This is the hive with the telescoping cover and screened inner cover removed.
I remove a couple of frames so I can see what I've got. This is a frame of capped honey near the center of the box.
You can see the wire "queen exlcuder" beneath the frames. We can't have her up here laying eggs where we want only honey.
Here is a frame where they are busy capping the honey cells for storage.
Every place you see white is a cell full of honey they have capped
Here's a closer look. You can see the honey in the cells and some of the bees still working...
They fill the cell with honey (which by the way is regurgitated nectar that the bees store in a special "honey stomach" which is separate from their real stomach). They then fan the honey to evaporate excess water. They do this until the water content is about 18%. When it's just right (how do they know?) then they cap it with wax for safe keeping.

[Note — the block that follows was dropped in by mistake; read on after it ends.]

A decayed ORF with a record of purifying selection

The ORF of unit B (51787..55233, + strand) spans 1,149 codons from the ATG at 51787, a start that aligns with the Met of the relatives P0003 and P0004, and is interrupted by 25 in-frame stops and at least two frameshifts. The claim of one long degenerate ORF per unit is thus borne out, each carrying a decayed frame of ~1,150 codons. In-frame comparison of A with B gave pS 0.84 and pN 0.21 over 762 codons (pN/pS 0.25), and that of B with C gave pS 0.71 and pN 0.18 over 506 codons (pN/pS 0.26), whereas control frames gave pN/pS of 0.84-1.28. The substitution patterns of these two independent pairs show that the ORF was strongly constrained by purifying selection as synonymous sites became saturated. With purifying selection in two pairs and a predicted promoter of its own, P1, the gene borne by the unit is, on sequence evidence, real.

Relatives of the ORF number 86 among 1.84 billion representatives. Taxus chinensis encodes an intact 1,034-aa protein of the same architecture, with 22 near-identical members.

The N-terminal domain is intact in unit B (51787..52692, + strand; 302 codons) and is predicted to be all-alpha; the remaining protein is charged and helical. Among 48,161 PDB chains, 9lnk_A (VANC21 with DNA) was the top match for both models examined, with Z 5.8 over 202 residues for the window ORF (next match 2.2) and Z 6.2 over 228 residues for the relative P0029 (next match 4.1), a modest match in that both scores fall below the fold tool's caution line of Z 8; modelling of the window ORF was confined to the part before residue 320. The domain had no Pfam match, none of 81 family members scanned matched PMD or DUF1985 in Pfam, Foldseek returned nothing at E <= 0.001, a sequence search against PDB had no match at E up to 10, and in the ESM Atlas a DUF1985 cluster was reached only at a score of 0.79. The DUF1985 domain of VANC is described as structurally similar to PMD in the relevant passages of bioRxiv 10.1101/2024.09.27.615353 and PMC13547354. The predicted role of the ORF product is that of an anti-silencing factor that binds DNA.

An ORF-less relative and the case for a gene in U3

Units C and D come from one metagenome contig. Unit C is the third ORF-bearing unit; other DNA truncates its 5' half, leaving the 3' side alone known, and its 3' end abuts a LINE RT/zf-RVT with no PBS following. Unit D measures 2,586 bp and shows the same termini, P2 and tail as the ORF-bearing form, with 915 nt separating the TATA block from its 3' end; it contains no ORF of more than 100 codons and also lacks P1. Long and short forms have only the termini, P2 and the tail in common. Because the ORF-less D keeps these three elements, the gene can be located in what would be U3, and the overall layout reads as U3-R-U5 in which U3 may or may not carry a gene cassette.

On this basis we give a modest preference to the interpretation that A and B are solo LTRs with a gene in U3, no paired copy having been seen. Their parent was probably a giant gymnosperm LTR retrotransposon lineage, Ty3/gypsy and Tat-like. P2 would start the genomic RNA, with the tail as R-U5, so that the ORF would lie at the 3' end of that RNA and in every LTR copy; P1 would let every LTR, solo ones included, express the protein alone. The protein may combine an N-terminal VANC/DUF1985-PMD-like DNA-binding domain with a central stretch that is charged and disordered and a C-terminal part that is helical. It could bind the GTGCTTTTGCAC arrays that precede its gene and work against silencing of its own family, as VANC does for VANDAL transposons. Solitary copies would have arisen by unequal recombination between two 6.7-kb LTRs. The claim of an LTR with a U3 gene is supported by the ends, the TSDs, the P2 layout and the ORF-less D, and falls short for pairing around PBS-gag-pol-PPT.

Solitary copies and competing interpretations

This is the end frame that you can see they have just started to work on. The embossed plastic gives them a foundation to work on, but you could actually hang empty frames in the hive and they would fill them out. The frames help keep things orderly for the beekeeper.
In this shot you can see that even in late September the bees are still bringing bright orange pollen (and some that is nearly white) into the hive from their foraging ventures.
One of my favorite shots from this inspection. A frame full of honey that they are just beginning to cap. I'm giving them a couple more weeks and then I'll check to see if they've capped all the frames. Then it will be extraction time. Stay tuned...